MPLS with a T1 handoff -- How do I configure my edge devices

Unanswered Question
Apr 7th, 2008

Hello all,

We have been running a remote office with an IPSec VPN over the Internet for some times, and we are now swinging them to an MPLS connection due to latency problems with voice and remote desktop connections.

I have ordered the MPLS connection from our ISP, but the sales folks are not very familiar with the technology (it is a new product for them) so they couldn't answer all of my questions.

My question is, I have our home office on a Class B and our remote office on a Class B How should I configure the edge device at each site so that routing works between the two sites? The sales people asked me for a local and remote network with default gateways for each and suggested I create a VLAN for each, but I don't think they are correct as that would suggest a Layer 2 link such as Ethernet, instead of a T1 link like I will be getting. I would think they would give me a WAN IP address for both sides and then I would set that as my gateway for the other side network. Am I not understanding correctly?

Is anyone familiar with configuring the edge routers for a MPLS connection with a T1 handoff and can help me understand it a little better?



I have this problem too.
0 votes
  • 1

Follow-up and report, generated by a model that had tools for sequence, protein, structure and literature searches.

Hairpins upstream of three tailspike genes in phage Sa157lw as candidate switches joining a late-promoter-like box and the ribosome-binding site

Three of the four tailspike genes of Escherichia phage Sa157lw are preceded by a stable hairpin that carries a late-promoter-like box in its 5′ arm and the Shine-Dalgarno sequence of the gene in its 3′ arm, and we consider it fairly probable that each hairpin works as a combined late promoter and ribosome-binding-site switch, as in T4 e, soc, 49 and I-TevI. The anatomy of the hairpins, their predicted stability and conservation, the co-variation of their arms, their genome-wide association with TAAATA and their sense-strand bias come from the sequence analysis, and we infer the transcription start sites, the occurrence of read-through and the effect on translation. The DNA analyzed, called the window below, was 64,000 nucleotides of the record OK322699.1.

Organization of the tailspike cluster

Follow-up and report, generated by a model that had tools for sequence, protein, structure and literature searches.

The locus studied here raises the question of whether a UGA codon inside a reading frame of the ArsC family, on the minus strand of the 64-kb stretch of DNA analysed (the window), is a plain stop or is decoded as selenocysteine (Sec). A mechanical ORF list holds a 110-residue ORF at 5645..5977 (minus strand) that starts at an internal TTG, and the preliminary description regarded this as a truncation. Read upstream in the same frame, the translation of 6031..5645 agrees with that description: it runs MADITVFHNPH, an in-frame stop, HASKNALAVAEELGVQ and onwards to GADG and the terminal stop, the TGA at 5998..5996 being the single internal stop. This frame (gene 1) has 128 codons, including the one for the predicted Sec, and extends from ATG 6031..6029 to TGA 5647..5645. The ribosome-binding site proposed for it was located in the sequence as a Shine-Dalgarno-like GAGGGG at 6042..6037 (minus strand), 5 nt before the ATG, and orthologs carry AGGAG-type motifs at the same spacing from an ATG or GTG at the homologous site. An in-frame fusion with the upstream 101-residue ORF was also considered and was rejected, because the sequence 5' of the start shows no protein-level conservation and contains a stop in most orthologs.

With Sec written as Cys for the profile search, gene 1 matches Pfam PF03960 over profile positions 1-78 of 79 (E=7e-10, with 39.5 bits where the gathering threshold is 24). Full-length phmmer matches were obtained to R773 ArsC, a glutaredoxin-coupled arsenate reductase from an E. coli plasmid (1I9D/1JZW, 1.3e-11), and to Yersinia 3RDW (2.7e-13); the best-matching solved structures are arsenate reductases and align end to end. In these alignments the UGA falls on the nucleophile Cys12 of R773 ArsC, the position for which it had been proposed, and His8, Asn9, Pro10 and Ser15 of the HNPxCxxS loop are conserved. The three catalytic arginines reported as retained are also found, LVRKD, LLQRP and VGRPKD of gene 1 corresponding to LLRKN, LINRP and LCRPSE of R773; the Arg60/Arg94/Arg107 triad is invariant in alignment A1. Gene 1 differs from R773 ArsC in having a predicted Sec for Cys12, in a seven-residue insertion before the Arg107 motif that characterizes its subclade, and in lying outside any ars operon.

• 2
  • 3
  • 4
  • 5
Overall Rating: 4 (2 ratings)
Collin Clark Mon, 04/07/2008 - 11:18

Who is your provider? Generally speaking most MPLS is layer 3. You will get a /30 address from the ISP for your serial connection. You then use BGP (some use an IGP) to peer with your provider to route your networks across theirs.

olighec Mon, 04/07/2008 - 12:11

The provider is XO Communications. What you are saying makes more sense to me. I will try to find out more from them as to what I will need to do on my side.



Joseph W. Doherty Mon, 04/07/2008 - 16:32

There are different ways of providing MPLS to customers. Besides L3, MPLS can also be used to provide L2 connections which might account for the ISP sales people mention of VLANs. You'll need to ask your ISP for someone who does understand their MPLS offerings. You should also ask about what QoS features they offer, which will be important for obtaining the best voice and remote desktop performance.

olighec Tue, 04/08/2008 - 07:09

Luckily, they were able to tell me of their QoS features. They have 4 levels of service and gave me the DSCP tags for each. I am still unsure about how to tag the traffic, but that should be fairly easy to learn.

As far as L2 MPLS, that is what I originally thought I was getting since they were originally going to deliver it via an Ethernet link, but we later found out that anything under 10MBps gets delivered as a serial link, so it changed to a T1 handoff rather than Ethernet. I didn't think you could make a T1 port a member of a VLAN, can you? I was under the impression that T1 was strictly a L3 link.




This Discussion